Camp fire

The Southwesternization of Northgate.

COPPER SKY WOODFIRE GRILL AND BAR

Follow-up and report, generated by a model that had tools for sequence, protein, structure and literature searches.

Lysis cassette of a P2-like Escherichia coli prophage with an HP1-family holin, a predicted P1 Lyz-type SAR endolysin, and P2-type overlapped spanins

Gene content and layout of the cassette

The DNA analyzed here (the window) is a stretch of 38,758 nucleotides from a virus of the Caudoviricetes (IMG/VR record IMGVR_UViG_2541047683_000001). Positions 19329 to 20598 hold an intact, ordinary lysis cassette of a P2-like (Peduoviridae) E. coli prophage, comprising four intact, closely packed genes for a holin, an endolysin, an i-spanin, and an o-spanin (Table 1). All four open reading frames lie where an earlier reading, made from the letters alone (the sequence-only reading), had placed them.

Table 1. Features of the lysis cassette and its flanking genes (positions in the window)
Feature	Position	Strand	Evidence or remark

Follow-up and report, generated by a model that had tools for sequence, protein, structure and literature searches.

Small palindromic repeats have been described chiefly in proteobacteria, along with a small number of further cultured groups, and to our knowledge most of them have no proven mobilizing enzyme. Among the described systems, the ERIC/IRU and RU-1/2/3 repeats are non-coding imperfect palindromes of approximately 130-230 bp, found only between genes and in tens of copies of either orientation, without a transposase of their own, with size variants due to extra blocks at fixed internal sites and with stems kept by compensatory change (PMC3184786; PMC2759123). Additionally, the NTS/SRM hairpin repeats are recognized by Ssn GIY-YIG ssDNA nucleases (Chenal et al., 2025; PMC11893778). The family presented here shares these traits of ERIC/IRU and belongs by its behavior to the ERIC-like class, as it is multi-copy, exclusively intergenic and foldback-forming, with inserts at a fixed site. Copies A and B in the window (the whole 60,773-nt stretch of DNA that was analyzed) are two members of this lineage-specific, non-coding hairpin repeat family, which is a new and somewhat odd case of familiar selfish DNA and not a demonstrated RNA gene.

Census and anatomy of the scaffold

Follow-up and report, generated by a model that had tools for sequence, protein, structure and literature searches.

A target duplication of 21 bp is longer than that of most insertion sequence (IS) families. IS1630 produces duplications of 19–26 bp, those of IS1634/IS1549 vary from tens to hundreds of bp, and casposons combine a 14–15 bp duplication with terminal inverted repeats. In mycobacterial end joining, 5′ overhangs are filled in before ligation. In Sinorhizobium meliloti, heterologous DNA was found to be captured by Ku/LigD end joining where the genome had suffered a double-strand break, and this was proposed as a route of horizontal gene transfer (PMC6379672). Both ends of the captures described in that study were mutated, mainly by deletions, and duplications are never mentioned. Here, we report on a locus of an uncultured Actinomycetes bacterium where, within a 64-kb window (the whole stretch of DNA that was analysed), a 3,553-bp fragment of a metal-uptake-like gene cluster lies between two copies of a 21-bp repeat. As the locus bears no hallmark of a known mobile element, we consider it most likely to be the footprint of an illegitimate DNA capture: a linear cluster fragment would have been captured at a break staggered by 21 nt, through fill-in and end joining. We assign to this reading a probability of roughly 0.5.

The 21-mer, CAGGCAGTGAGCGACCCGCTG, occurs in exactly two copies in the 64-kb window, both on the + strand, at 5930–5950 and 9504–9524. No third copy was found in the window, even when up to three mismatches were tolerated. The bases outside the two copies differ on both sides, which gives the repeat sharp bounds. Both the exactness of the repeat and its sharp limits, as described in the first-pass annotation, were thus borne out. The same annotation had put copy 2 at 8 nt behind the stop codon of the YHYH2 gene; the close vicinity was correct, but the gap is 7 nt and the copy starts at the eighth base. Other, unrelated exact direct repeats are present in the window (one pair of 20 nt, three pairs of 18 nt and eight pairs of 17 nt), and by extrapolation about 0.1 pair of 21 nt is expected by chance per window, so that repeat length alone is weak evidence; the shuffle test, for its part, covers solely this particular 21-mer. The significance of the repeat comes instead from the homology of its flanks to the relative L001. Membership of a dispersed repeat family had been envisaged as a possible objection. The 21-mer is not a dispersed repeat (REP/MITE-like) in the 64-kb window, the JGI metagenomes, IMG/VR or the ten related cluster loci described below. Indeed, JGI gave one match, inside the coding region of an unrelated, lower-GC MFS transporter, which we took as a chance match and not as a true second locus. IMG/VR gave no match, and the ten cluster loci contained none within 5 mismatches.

550 N.E. Northgate Way, 363-9911 lunch and dinner seven days a week THE NORTHGATE neighborhood strikes terror in the hearts of urbanites. There's the mall, of course, with its weird tiki hut/longhouse remodel; the Target, with its Death Star presence casting a long, long shadow; the soon-to-be-demolished movie house; the ghost of buried Thornton Creek, continuing to haunt developers and city officials. But seek and ye shall find, oh, lost souls of Seattle. Across from three mattress warehouses and just west of Discount Tire lurks some decent food in the sort of atmosphere that won't scare your Iowa-based family and won't drive you to imbibing more than your share of novelty cocktails in search of peace. Formerly known as "The Sizzler" and "Krazy Bird," the building is now home to Copper Sky Woodfire Grill and Bar, the jewel in the Red Robin crown. Copper Sky offers two advantages that should be universally appreciated: a vast plain of free parking and no need for reservations. It's also smoke-free (which could go either way with the Iowans). The mix of comfy booths and larger tables provides options for tired couples and larger parties, while the roomy bar offers a happily kid-free zone. A couple of fireplaces and the open wood-fired grill (which the servers mention in every other sentence) make it all warm and cozy—you might even like the "authentically Western" touches like randomly placed cowgirl boots, antler-based chandeliers, and the Navajo-print polyester upholstery. Start with the drinks—and get to it quickly, as your complete sweetie pie of a waitress will arrive as soon as you sit down, offering you something from the Margarita Bar. Top shelf here is Herradura ($7.95), and the drinks are stiff and somewhat clumsily served—overfull and not mixed thoroughly, so the first sip seems to be pure Anejo (not that we're complaining). The frozen version is freshly extracted from its prominently placed Slurpee machine. You may also enjoy a visit to Martini Island. While this collection is served in a traditional martini glass, they, too, seem sloppy; it's hard to feel sophisticated when your hands are all sticky. Those seeking escape should get immediately in the eye of the notorious Hurricane ($7.25); red and fruity, this drink kicks the ass of Punchy the Hawaiian Punch guy and will have you eerily calm even before the appetizers arrive. ALL THE FOOD displays two consistent traits: First, an earnest, if sometimes poorly executed, Southwesternization; second, the striped brand of the aforementioned wood-fired grill. Assured that the Texas egg rolls were a popular appetizer, we requested a plate to go with our Martini Island vacation. The exterior was an unusual hybrid of egg-roll-wrapper and tortilla, fried up around a filling of corn, black beans, spicy chicken, and jack cheese. A bowl of fresh (but boring) salsa was planted in the middle of the plate, which was decorated with squeeze-bottle drippings of a tasteless pesto cream and a fantastic cumin-spiced sour cream. Not authentic, embarrassingly unhealthy, and damned tasty. No matter what you order for dinner, odds are it'll be grilled. Rodeo chicken ($15.75) is more chicken than rodeo, unless those cutlets really were barrel racing around the mashed potatoes. The platter included a mound of still-crisp vegetables, crunchy fried onions, a generous scoop of chunky mashed baby reds, and three flattened and grilled boneless breasts. The chicken itself was the only disappointment; it was cooked just right and thus still juicy, but bland to the point of tastelessness. The Austin steak (New York strip, $18.95) comes with the same lovely side dishes, and the meat was pleasantly spicy and nicely tender. The fajita chicken and steak combo ($18.95) has a few interesting things going for it: coconut rice, tender, delicious black beans, and jerk-seasoned meat. The rice and meat were almost too sweet on their own, but paired with the beans and salsa it added up to an original, satisfying combination. When most of the enormous (what IS it with portion size these days?) platter was wrapped up to take home, Sweetie Pie Waitress included a fresh set of tortillas. To focus on Sweetie Pie for a moment: Copper Sky must either overpay its staff or have the best training program the world has ever seen. Yes, you can tell a corporation owns it, but that isn't always a bad thing. The staff gives a very sincere appearance of liking each other and their jobs. The manager circled no less than four times throughout dinner, clearing plates, chatting, and generally helping out her employees. As a result, water glasses were never empty, food arrived correctly and promptly, and everyone asked specific questions about our meal to make sure we were happy—amazingly, without hovering or giving any attitude. As a very poor reward for this delightful service, I recommend going there with tired kids, demanding parents, and after a bad day at work. You will be treated like royalty (and should accordingly leave a large pile of gold as a tip). Dessert was less satisfying. Dollar ninety-five hot fudge sundaes for the kids are a fun and sticky option; adults get the shaft by comparison, with a gelatinous Key lime pie ($5.95), microwaved bread pudding ($6.45), and slightly bitter chocolate pecan pie ($5.95). Fake whipped cream was overly sweet; while the pecan pie needed the lift, the unpleasantly eggy Key lime wasn't helped at all. The best part was the vanilla bean ice cream on the bread pudding—with the warm cinnamon sauce, it was easy to ignore the chewy, raisin-filled bread. Sooner or later, everyone ends up at the mall. When you've finished your shopping and have driven your blood sugar to a new low, ignore the food court and head down the street. You can put your aching feet up, get some T.L.C. from Sweetie Pie, and relax for a while on Martini Island. info@seattleweekly.com